This week President Donald Trump signed an executive order extending a presidential declaration of a national emergency concerning Somalia for another year, calling the Islamist insurgency plaguing that country an “unusual and extraordinary threat” to the US.

But even if that is the last extension of the declaration, US defense officials say the mission in the country is likely to take years to complete.

The fight there hinges on US Special Operations Forces being able to train an elite Somali army unit capable of defeating al Qaeda-linked militants on the ground. The commitment to the East African nation comes after the President has signaled a desire to reduce US troop levels across the globe and as the administration is in the process of withdrawing forces from Syria.

While officials say the effort is making progress, they tell CNN that the US training mission is likely to not be completed until 2026.

For nearly two years, a small team of US Special Operations forces has been embedded with the Somali National Army, assisting in the fight against the militant group Al-Shabaab. As well as advising on airstrikes and ground assaults, the Navy SEAL-led team’s primary task is to train and build Somalia its own elite light infantry force.

Named Danab, which in Somali means lightning, the force currently numbers only about 500 soldiers, too few to carry out operations in a country with a coastline almost as long as the east coast of the US. The plan, US defense officials say, is to eventually build Danab into a force of 3,000 soldiers capable of clearing militants from villages and towns across Somalia.

“The plan is to build two companies a year, with the end-state being five battalions and a brigade headquarters element,” Becky Farmer, a spokesperson for Africa Command which oversees US military operations on the continent, told CNN in a statement.

“We think it’s going to take approximately seven years for the Somalis to absorb all of these forces,” a defense official familiar with the US counterterrorism strategy in Somalia told CNN.
“If everything works out and however many miracles line up to make this happen it could go faster, and it could go slower,” he added.

A quarter century after the events surrounding “Black Hawk Down,” the incident that killed 18 US soldiers in Mogadishu, the US military finds itself more actively engaged in Somalia than at any time since. Though the US has higher troop levels in Niger and Djibouti, Somalia is the only place in Africa where the US military is regularly carrying out airstrikes against enemy forces.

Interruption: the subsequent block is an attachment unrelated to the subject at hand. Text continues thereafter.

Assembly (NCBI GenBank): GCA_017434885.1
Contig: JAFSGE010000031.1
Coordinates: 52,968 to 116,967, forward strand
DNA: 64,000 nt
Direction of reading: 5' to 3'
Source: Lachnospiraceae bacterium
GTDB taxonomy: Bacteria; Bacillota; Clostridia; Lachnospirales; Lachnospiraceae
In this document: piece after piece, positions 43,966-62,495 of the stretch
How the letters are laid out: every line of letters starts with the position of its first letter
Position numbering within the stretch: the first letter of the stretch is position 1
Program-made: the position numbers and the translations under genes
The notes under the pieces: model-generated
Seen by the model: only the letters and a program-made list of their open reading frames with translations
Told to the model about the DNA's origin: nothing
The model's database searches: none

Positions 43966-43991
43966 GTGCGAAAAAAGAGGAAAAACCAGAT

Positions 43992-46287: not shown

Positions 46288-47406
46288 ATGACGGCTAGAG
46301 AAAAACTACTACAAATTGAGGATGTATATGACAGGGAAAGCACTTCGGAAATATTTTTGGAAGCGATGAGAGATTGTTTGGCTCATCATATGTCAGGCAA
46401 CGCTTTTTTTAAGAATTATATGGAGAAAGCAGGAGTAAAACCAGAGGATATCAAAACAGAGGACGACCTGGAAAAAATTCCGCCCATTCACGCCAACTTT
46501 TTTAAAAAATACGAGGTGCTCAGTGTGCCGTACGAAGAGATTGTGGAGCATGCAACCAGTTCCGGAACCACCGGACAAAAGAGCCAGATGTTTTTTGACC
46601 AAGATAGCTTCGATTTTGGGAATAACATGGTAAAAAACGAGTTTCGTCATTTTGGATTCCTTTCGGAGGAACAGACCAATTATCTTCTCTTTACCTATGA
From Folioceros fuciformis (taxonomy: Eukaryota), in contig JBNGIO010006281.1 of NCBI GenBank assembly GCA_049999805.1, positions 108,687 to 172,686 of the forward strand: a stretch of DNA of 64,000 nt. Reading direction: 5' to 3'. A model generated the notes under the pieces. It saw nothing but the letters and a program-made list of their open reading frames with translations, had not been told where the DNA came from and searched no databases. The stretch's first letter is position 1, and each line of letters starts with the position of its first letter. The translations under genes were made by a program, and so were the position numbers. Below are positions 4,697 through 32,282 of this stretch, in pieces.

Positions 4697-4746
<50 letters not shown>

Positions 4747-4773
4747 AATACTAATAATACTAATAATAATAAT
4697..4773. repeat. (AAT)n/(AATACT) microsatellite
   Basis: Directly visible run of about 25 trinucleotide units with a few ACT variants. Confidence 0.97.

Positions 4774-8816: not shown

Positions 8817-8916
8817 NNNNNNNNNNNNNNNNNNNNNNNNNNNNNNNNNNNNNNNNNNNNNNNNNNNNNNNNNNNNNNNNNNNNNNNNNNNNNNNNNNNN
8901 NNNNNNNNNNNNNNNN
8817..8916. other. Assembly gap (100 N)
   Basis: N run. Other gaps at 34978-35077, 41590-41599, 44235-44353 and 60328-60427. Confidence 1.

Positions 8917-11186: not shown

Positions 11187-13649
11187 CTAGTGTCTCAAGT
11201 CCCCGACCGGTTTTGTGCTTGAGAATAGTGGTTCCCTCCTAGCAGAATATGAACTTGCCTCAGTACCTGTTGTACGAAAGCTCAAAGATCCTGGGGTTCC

The Pentagon has about 500 to 600 personnel in Somalia according to US Africa Command.

While US military advisers have been in Somalia since at least 2013, the effort has gotten a major boost under the Trump Administration, which volunteered to undertake the Danab advisory mission in 2017 in addition to expanding drone strikes, and in December reopened the American diplomatic mission in Mogadishu for the first time since 1991.

Trump authorized the military to carry out precision strikes targeting Al-Shabaab in March 2017. Prior to that the US military was authorized to conduct airstrikes only in defense of advisers on the ground.

So far this year, at least 255 fighters from Al-Shabaab have been killed in 30 airstrikes, according to figures released by US Africa Command. In 2018 the US conducted 47 airstrikes targeting Al-Shabaab, killing about 337 militants. In 2017 the US carried out 35 airstrikes and in 2016 it conducted just 15.

“The bottom line is we’re taking formations and fighters and leaders off the battlefield. And that is having effect on the network,” Brig. Gen. William West, the deputy director of operations for Africa Command, told CNN in a statement.

The increase in airstrikes though has been criticized by some members of Congress and outside groups like Amnesty International, which has accused the US of killing civilians in Somalia.

While the US military has rejected Amnesty’s allegations, US Africa Command announced earlier this month that it had determined that one of its 2018 drone strikes had killed two civilians, the first ever such acknowledgment by the US military in Somalia.

US military officials stress that the airstrikes are only one component of the US military’s overall campaign in Somalia.

Source: CNN.